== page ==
Now I know some surfers who object to this donation on principle-- they say that every other aspect of couchsurfing is 100% free of charge and always should be. But creating and maintaining a community that has more users than Facebook had just a few years ago costs an enormous amount of time and money. Since has no advertising anywhere on its site, donations are its only source of revenue. I say they've earned it. It's a different amount depending on the country you came from, but it's almost always about the price of one night in a hostel dorm bed in your country (Americans for example pay US$25). It's well worth it.

Together, with the fact that all messages through couch surfing are recorded, these safeguards make the backbone of couchsurfing security and should be the first things you look for when considering any potential host or surfer.

Speaking of looking for surfers, here's a special concern for those wondering "is couch surfing safe for women alone?" First of all, yes, it is. More than a million women are on the site and have had no problems. But if you're still worried, I would like to point out that you can be very specific in your search by gender, age, keywords (good way to find common interests), and specific location. A lot of women tell me they wouldn't feel comfortable staying with a strange man they don't know. Simple answer: restrict your search of hosts to women only.

If you want to read further, I recommend what has to say on the subject themselves.

Up next, Tips for surfers, followed by tips for hosts.


  1. you have to take care of your safety when your are going to travel so it will protect to you in well manners.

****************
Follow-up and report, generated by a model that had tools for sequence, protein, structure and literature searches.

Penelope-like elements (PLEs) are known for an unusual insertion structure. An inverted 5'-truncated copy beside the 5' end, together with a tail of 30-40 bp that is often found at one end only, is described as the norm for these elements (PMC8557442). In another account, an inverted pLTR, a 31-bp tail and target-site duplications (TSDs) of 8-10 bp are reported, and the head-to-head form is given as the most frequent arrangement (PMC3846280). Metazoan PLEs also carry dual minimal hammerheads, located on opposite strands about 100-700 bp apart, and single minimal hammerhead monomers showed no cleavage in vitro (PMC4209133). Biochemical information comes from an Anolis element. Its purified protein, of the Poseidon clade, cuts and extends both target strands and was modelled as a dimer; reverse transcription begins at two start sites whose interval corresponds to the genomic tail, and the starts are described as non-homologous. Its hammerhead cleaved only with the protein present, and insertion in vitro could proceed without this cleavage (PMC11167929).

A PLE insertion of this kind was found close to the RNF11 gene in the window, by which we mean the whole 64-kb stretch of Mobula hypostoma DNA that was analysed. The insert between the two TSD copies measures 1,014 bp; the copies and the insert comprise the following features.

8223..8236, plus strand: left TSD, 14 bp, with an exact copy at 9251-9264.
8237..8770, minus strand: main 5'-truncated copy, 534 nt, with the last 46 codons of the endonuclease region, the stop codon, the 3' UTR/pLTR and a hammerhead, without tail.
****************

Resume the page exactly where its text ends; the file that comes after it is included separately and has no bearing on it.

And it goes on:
2. Coutchsurfing is one of the best experiences you could have in your life too bad there are many people with the wrong attitude about it and there is always need for safety!

  3. There are many cases of agressions using CS and the corporation don’t communicate about them; for example in Marseille:

    1. Thanks for sharing this, this is the kind of story I wanted to respond to with my articles.

      While this is a scary story, I would like to point out that it is just that, one story. Every aspect of travel can be dangerous, no matter where or how you stay. Take hotels, for example.

      If you look on the internet for a scary story about something, you will find one. CS is no different from anything else in that respect.

      That said, the important thing for you to determine how likely an experience like the scariest one you read online is to happen to you. What I can tell you is that, after meeting literally hundreds of travelers through couchsurfing and CS events, I can say with confidence that I personally believe it is just as safe if not safer than staying in a hostel or hotel. Is it perfectly 100% safe? No, and neither is anything else about travel, or, frankly, life. Car travel is an excellent example of this. Statistically speaking you are far far more likely to be injured or killed in a car ride than you are to have an unpleasant experience in a hotel, hostel or couchsurfing stay. You just choose the precautions you take, like those I list in this post, and know that even if they can't eliminate all risks entirely, they can at least greatly reduce them.

      Safe travels!